Location Still No. 1 When it Comes to Digital Marketing Spend
JPMorgan Chase is a big company and a household name. Last year, it learned that only 3 percent of websites it was placing ads on were leading to activity beyond impressions. JPMorgan Chase was running ads on 400,000 websites; now it's down to just 5,000 and it's seeing the same results. But how, and why? Something changed when companies started transitioning to digital. They stopped paying attention to where ads were placed, and focused almost exclusively on audience-based targeting. Now, savvy companies like Chase are realizing there's another, possibly more important, piece to this equation.
Location is Still Everything
While “back in the day” marketers relied heavily on location when talking about where to put a billboard or a physical store, now the majority of marketers fail to consider location online while targeting display. Have you ever been browsing a fishing site and see an ad for women’s apparel and wonder, “why in the world are they targeting me HERE?” Marketing Week says that only 9 percent of display ads are viewed for more than one second. For a CEO, this screams “wasted money.”
What if your search ads were that irrelevant? You would probably think Google was broken if you searched for “water bottles” and it showed you a bunch of results for used cars. So why should advertising be any different? CNBC reports that 58 percent of consumer packaged goods ads, and 51 percent of shopping and retail ads aren’t reaching the right audience. You wouldn’t see a billboard for a new convertible while driving through Alaska mid-winter, so why would you want to see something so irrelevant on the websites you’re visiting? And if you’re thinking that you’re getting some traction from those not-a-fit websites, I have some bad news. MediaPost says that 60 percent of website banner ad clicks are accidental. That means 60 percent of the people coming to your website from an ad don’t care about your product at all. In fact, 36 percent of ads are “run in places no human will ever have the opportunity to see.”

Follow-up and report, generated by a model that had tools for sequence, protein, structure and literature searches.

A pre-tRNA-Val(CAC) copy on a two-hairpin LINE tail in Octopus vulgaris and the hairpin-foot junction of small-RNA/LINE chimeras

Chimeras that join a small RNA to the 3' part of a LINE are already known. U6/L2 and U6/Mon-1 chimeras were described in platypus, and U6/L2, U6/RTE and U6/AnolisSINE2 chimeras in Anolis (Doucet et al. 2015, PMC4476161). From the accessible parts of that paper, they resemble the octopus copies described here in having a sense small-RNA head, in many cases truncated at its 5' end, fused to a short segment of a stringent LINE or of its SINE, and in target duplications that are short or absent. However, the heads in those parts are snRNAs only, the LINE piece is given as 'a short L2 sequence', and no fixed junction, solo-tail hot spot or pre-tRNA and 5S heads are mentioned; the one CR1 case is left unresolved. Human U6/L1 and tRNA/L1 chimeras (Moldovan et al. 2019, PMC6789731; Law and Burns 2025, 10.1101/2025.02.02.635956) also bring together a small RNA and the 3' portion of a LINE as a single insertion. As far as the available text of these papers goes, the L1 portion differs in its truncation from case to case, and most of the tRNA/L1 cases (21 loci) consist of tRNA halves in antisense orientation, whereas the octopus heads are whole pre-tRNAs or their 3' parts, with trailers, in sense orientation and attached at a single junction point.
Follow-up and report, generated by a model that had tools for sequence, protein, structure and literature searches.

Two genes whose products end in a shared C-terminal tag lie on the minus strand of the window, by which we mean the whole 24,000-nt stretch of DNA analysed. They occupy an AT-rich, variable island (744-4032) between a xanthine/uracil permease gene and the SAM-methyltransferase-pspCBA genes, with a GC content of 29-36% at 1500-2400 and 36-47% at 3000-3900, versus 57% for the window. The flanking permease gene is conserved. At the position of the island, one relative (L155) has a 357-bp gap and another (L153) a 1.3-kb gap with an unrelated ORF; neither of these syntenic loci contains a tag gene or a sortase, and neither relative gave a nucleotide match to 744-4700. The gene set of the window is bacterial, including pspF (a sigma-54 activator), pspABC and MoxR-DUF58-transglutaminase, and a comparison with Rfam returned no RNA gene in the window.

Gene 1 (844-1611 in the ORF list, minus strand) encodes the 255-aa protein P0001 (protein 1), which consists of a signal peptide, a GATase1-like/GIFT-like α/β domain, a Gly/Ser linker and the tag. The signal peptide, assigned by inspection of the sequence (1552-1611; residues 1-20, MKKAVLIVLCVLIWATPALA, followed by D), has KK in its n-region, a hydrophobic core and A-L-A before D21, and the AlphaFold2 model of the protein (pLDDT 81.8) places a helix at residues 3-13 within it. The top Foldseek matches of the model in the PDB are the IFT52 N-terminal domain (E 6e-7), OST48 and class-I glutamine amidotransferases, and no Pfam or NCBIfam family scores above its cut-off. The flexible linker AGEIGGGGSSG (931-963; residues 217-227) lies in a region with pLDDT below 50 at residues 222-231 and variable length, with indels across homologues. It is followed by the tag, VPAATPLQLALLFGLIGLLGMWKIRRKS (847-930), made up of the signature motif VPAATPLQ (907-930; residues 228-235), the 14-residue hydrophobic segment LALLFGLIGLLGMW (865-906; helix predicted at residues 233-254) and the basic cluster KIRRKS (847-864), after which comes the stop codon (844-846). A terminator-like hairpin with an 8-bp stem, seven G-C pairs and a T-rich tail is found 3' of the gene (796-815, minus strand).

Put Your Focus on the Right Funnels
Marketers know all about marketing funnels, and spend a large amount of time deciding which funnel to focus on. Change your way of traditional thinking and consider display not just as part of the marketing funnel, but as its own funnel altogether. When done properly, display ads can be used for top-of-funnel awareness and last-click conversions. Thinking about display in this way helps marketers understand the larger network effect as it relates to the marketing funnel.
Design location targeting to map to your display funnel — the top, middle and bottom. Be pessimistic at the bottom and even middle of your funnels, but optimistic at the top. Websites that convert should be moved to your whitelist for bottom and middle. The problem is that most of the websites you should be using are outside your scope of view.
How Do We Fix This?
Targeting the right customers online is only half the battle. To achieve the highest return on investment, marketers must go beyond simply knowing who to target. Targeting where customers buy online, plus knowing your target customer yields massive lifts in revenue.
Location matters MORE than audience because it represents intent. Start by identifying the right location. Use audience insights, an artificial intelligence-based customer acquisition platform, and a little bit of common sense. Then, identify the right location. Fueled by AI, leveraging a software platform to help acquire customers will help you better understand the “network effect” and make better decisions with your marketing dollars.
Knowing where you’re putting your marketing dollars and having a fluid, not static, marketing plan is the key to increasing performance and cutting wasted spend. Savvy marketers understand this and realize they must leverage new technologies and AI to ensure they're reaching the most highly qualified consumers, when and where those consumers are ready to engage or purchase. By doing this, they're not only eliminating wasted marketing spend on non-converting ads, but are also finding new prospects and growing market share. Quality traffic delivers incremental results and leaves sellers and consumers in a much more desirable place.
Shawn Schwegman is the co-founder and chief strategy officer at DemandJump, a customer acquisition platform that enables marketers to find new customers with precision by locating prospects three steps before they reach you.
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Shawn Schwegman is the Co-Founder and Chief Strategy Officer at DemandJump. Shawn has previously worked with Overstock.com, ChaCha, Sally Beauty, Target, NewEgg, eToys, Cisco, Costco, and more.